So, I need some cards, even dual pcb would do, help, I can’t wait until Fermi comes…
I’m surprised there hasn’t been more discussion about this but the availability of the entire GTX 200 series is becoming a serious problem considering that Fermi isn’t due out for another month (and I’m hearing rumours that it might not be available in volume even then). I know some people here are using Tesla and others are not buying large quantities of cards but there must be people affected by this, surely?
And if the pricing I’m seeing is accurate ($480 for a GTX 470 1GB or $680 for a GTX 480 2GB) then that is also a serious problem since you can buy two GTX 260 1.8GB for less than the cost of a single GTX 470 1GB.
Those rumored prices seemed shockingly high to me, but then I went back and looked at the previous major releases. The 8800 GTX debuted at $600, and the GTX 280 started at $650 (!!?).
But yeah, they definitely need to keep the retail channel stocked with GT200 cards until the Fermi cards come down 30% in price.
Fermi is late. It is understandable.
If you can find a GF200 card it is selling at a 10-30% premium. The last GF200 chips were probably manufactured in November. Knowing that Fermi was going to be late, they should have ordered more. You can buy 5000, 6000, 7000, 8000, and 9000 series cards. Will GF200 cards ever be available again?
$50 - $100 cards ( GT210, 220 and 240 ), older cards up to $200 and then a large gap to $600 GF400 cards does not seem like a winning stategy.
The next scandal waiting to happen is card manufactures so desperate for GF200 chips they start repairing broken cards and try to sell them as new.
The ebay cards aren’t always overpriced. You just have to keep watching.
Here’s one from today, brand new, for $370. That’s a bargain! (Admittedly the best price I’ve seen in weeks… this is one to buy now if you’re in the market.)
As far as I’m concerned its a disaster. It makes even the GTX 470 too expensive for us. If we can’t get the GTX 260 anymore then we’re probably going to have to go back and see what we can do with the GTS 250. I actually seem to remember some OEM launching a dual GPU card (similar to the 9800 GX2) and thinking they were mad but it actually almost makes sense now. I think if I were nVidia I’d be rushing like hell to make a 40nm GTX 260.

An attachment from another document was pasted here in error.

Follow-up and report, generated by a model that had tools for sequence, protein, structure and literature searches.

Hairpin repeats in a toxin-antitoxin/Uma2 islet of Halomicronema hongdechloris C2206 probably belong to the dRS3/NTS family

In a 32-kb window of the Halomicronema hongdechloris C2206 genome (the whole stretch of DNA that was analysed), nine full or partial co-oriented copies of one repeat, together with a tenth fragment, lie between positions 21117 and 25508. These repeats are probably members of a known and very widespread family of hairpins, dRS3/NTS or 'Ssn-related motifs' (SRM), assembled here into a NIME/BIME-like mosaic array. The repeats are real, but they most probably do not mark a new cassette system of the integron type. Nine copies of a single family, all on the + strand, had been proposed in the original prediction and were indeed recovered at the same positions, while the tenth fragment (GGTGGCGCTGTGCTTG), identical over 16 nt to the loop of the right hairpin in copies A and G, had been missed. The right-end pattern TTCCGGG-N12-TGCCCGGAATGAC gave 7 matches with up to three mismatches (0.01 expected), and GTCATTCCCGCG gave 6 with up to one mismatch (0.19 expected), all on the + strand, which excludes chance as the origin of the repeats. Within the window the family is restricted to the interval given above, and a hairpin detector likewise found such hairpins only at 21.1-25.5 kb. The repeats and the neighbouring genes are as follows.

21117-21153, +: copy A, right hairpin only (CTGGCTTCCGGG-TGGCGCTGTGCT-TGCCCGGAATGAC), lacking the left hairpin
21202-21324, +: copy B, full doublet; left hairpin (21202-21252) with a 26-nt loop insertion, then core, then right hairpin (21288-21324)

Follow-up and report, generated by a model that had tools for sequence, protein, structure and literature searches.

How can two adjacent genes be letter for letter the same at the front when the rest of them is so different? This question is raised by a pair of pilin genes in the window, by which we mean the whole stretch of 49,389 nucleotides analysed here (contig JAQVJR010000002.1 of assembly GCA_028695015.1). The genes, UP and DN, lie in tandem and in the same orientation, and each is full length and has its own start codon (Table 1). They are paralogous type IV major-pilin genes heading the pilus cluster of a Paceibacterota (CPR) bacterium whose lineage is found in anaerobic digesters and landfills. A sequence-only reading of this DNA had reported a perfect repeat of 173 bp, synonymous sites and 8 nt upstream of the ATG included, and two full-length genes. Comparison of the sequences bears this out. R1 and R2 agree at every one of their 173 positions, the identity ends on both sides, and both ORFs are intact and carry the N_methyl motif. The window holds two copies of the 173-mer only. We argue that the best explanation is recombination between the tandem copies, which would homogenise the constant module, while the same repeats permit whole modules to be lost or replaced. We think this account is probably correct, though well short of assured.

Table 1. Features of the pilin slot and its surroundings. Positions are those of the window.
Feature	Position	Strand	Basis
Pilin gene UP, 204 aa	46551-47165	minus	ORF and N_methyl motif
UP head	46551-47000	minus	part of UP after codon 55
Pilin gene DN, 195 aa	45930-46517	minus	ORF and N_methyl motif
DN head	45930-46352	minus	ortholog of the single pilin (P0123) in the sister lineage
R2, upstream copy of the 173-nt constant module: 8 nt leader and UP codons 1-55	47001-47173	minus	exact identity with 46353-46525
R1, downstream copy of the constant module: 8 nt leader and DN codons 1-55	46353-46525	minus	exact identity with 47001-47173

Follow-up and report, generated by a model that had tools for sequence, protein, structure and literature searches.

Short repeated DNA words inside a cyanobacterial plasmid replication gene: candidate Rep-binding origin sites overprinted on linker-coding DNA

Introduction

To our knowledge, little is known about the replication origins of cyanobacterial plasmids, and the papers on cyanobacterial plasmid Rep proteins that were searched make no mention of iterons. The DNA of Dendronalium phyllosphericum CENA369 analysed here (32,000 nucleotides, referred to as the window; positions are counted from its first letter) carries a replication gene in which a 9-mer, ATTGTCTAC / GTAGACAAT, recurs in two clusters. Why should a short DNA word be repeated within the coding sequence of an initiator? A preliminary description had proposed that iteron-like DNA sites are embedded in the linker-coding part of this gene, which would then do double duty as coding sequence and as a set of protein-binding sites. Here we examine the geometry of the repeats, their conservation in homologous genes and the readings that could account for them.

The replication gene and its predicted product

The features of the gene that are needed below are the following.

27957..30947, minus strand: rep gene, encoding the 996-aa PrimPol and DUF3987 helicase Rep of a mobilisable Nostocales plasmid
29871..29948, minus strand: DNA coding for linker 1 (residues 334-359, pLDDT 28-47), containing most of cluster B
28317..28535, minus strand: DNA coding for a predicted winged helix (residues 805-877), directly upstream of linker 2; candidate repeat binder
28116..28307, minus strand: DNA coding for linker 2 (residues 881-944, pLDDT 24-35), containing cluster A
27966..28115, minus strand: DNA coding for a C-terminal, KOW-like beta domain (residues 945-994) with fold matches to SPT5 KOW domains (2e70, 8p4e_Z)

The 2GB 260 and 285 cards are nowhere to be found (ok, found one 2GB 285 card priced at 700 bucks!).
In terms of Gflops the 260 216 givse most bang for the buck in terms of Gflops/dollar, but including the external hardware costs (components to build the system), the GTX275 is better value. The GTX295 is the clear winner. So for scaling things up it doesn’t make sense to go for anything else than the 295, anyone know how many Gflops the GTX480 can do?
OK, I’m seeing plenty of GTX 260s and 285s on Newegg still. (Only one GTX 275 model in stock, though.) The only models to have sold out are the high memory 1792 MB and 2 GB versions.
The GTX 295s are out of stock, suggesting that those chips are being diverted to the better selling cheaper models. I agree, though, if the GTX 260s start to sell out before June, then you know there is a serious problem.
It’s going to be something like 512 multiply-adds per clock cycle, so if the rumors of 1.25 GHz are true (down from a projected 1.5 GHz), that comes out to be a peak of 1280 GFLOPS.
Which makes it horrible value when it comes to CUDA calculations, right?
I don’t think it is horrible value. In terms of raw floating point and memory bandwidth it is going to be close to the two GPUs in a GTX 295 combined. (Depending on whether you count that extra dual issue MUL in the GT200 as a significant boost or not. It’s always been hard to tell how much that really helps you.) The GTX 480 certainly will not have as much FLOPS-for-the-buck as a GTX 295 (assuming they were still in stock for purchase at $550 each), although the value of a GTX 295 depends on your problem being partitioned efficiently over multiple GPUs.
Basically, it sounds like Fermi will not be a huge win for people who have compute-bound single precision floating point applications which can be trivially split over multiple GPUs. That is not terribly surprising, as those kinds of problems almost always benefit by using a lot of not-quite bleeding edge hardware. (Hence the effectiveness of clusters of PCs.)
For comparison, the 9800 GX2 was comparable to the GTX 280 in raw single precision floating point (again, depending on whether you count the dual-issue MUL) when it came out. The real win in the GTX 280 was the performance of two previous generation GPUs in one, plus all of the increased flexibility of new features, like double-precision, better memory coalescing, and more registers. If your code already ran great on 9800 GX2s when the GTX 280 came out, then it would have been silly to upgrade. The new GPU would offer no improvement.
However, if your code was limited by memory coalescing or double precision, or not enough registers to get good occupancy, then GTX 280 was a win. Similarly, with Fermi, if your code is limited by a lack of caching, or slow double precision, or not enough shared memory, or poor C++ support or slow atomics, then the GTX 480 will be a win and have great value.
So yeah, depending on your problem, the GTX 480 will range from “Who cares?” to “Freaking Awesome!”. There is no one-size fits all answer here.